ARIZA and the roots of brogue
The full, the half, and the Rubirosa’s signature.
In both Gaelic and Scottish the word bróg means “shoe”, but Scots word brogue is also used to denote a bradawl, as well as the action of piercing with such a tool.
In fact, modern brogues originated from a rudimentary shoe that was used in the Irish and Scottish countryside and used to have holes in it. It is believed that the original holes’ purpose was to allow water to flow through when the wearer crossed wet terrain such as a bog.
Around 1650 circa Irish landowners started to decorate their shoes with a patterned sequence of holes that included coded symbols for good luck. As soon as the style became associated with the gentry, the holes became more and more a decorative feature, until they totally lost their original purpose and leather uppers were rubbed with melted candle wax to improve waterproofing.
Brogues increased their popularity throughout the Eighteenth and Nineteenth centuries, among both men and women in the Irish and Scottish upper class, who wore their brogues with a fringed tongue. They were traditionally brown, with black brogues kept strictly for formal dress occasions only.
The Scottish lairds used to wear “ghillie” brogues with the laces that fastened the shoes wrap around the leg above the ankle and tie below the calf to facilitate keeping the tie clear of mud. Nowadays ghillies are still a component of traditional, formal Scottish dress and are worn primarily for social occasions.
At the turn of the Twenties century, the English Style adopted the brogue as well and soon the fashion crossed the Atlantic. It was still considered to be an outdoor, country walking shoe though, and was not appropriate for social or business occasions.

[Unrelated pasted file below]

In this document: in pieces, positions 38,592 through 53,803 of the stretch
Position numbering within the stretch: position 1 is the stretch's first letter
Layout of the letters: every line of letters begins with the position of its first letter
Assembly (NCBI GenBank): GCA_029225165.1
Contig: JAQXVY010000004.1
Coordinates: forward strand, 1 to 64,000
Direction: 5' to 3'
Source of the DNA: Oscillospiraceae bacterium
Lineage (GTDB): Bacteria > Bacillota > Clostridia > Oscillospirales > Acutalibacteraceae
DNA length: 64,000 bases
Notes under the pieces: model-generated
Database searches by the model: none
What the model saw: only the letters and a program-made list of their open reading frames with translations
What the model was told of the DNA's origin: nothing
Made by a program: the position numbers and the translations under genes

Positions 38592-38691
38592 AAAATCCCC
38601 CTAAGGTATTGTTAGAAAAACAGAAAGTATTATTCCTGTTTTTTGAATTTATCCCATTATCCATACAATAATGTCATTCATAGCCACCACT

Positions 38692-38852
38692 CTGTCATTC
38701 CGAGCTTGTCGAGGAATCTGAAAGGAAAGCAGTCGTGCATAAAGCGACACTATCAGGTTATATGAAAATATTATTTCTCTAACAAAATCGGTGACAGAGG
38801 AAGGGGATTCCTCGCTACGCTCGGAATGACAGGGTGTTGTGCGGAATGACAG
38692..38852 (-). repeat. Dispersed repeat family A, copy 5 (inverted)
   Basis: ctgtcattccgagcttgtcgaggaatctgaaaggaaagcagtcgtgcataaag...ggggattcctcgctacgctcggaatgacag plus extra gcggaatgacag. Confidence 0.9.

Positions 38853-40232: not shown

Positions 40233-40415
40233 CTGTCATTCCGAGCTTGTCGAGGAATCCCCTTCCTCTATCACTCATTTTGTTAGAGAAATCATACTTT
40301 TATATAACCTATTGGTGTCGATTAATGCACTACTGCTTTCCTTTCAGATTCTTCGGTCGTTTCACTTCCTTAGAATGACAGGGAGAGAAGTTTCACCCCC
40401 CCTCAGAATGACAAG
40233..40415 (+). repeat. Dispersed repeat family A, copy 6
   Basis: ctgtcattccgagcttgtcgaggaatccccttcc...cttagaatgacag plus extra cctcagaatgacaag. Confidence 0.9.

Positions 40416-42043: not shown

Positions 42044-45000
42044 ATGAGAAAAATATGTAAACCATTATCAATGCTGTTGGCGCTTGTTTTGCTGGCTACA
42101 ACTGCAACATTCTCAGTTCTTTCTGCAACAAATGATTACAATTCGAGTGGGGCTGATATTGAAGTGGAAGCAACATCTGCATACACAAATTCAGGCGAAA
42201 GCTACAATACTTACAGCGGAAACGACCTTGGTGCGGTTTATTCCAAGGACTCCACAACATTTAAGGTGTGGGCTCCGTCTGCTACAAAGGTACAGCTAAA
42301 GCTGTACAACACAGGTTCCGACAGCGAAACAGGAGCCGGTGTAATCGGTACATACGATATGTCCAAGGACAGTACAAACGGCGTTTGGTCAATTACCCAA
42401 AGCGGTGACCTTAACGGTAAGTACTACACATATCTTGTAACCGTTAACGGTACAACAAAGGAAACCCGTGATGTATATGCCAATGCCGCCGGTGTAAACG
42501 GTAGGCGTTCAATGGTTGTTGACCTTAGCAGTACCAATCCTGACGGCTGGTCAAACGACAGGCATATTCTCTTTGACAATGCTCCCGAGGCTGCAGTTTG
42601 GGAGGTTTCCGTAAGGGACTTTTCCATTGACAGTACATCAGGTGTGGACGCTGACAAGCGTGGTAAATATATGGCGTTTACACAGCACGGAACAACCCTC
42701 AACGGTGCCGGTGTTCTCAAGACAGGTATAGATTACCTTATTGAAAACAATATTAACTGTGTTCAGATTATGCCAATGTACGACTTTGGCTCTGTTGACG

In the 1920s the style grew increasingly elegant and became associated with sport, which at that time was almost exclusively an upper-class occupation. Its apotheosis was reached in the 1930s when the world’s arbiter of fashion the Prince of Wales wore it as a golfing shoe and in a lighter form in suede with a grey lounge suit.
The shoe became known as “the spectator” when constructed in two coloured leathers and it was the favourite among the fashion-conscious during the Jazz era, becoming a sort of a “uniform” among international playboys. Silver screen stars such as Fred Astaire and Gene Kelly wore the highbred brogues in many of their famous dance routines.
In the ’50 a young Elvis Presley rocked the stage wearing “saddle” shoes, a variation of the brogue made from white buckskin with a black or brown leather instep. The brogues become popular among boys and girls, who wore them with bobby socks.
The brogue styles are determined by the shape of the toe cap and include the full brogue, semi-brogue, quarter brogue, and the longwing brogue style.
Full brogues (also known as wingtips) – Pointed toe cap with extensions that run along both sides of the toe, terminating near the ball of the foot. Viewed from the top, this toe cap style is “W” shaped and looks similar to a bird with extended wings. The toe cap includes additional decorative perforations in the center.
Semi-brogues (also known as half brogues) – Toe cap with decorative perforations and serration along the cap’s edge and includes additional decorative perforations in the center of the toe cap. When the latter is missing, we’re having quarter brogues.
Longwing brogues (Derby style shoes) – Pointed toe cap with wings that extend the full length of the shoe, meeting at a center seam at the heel. This style was most popular in the US during the 1970s.
SS2021 Ariza adopts the signature Rubirosa brogue, with additional perforations running through the whole uppers of the shoe in order to give it more breathability and comfort during the hot season. Although a true mid-top style, it is detailed in lighter weight materials for this delivery.
These sneakers are in fact “deconstructed” using unlined suede uppers or lightweight leather and suede trim. The sneakers are unlined inside and reinforced with vegetable tanned calf leather where necessary.
SS2021 Ariza is lightweight, flexible, and comfortable with its iconic low cup sole.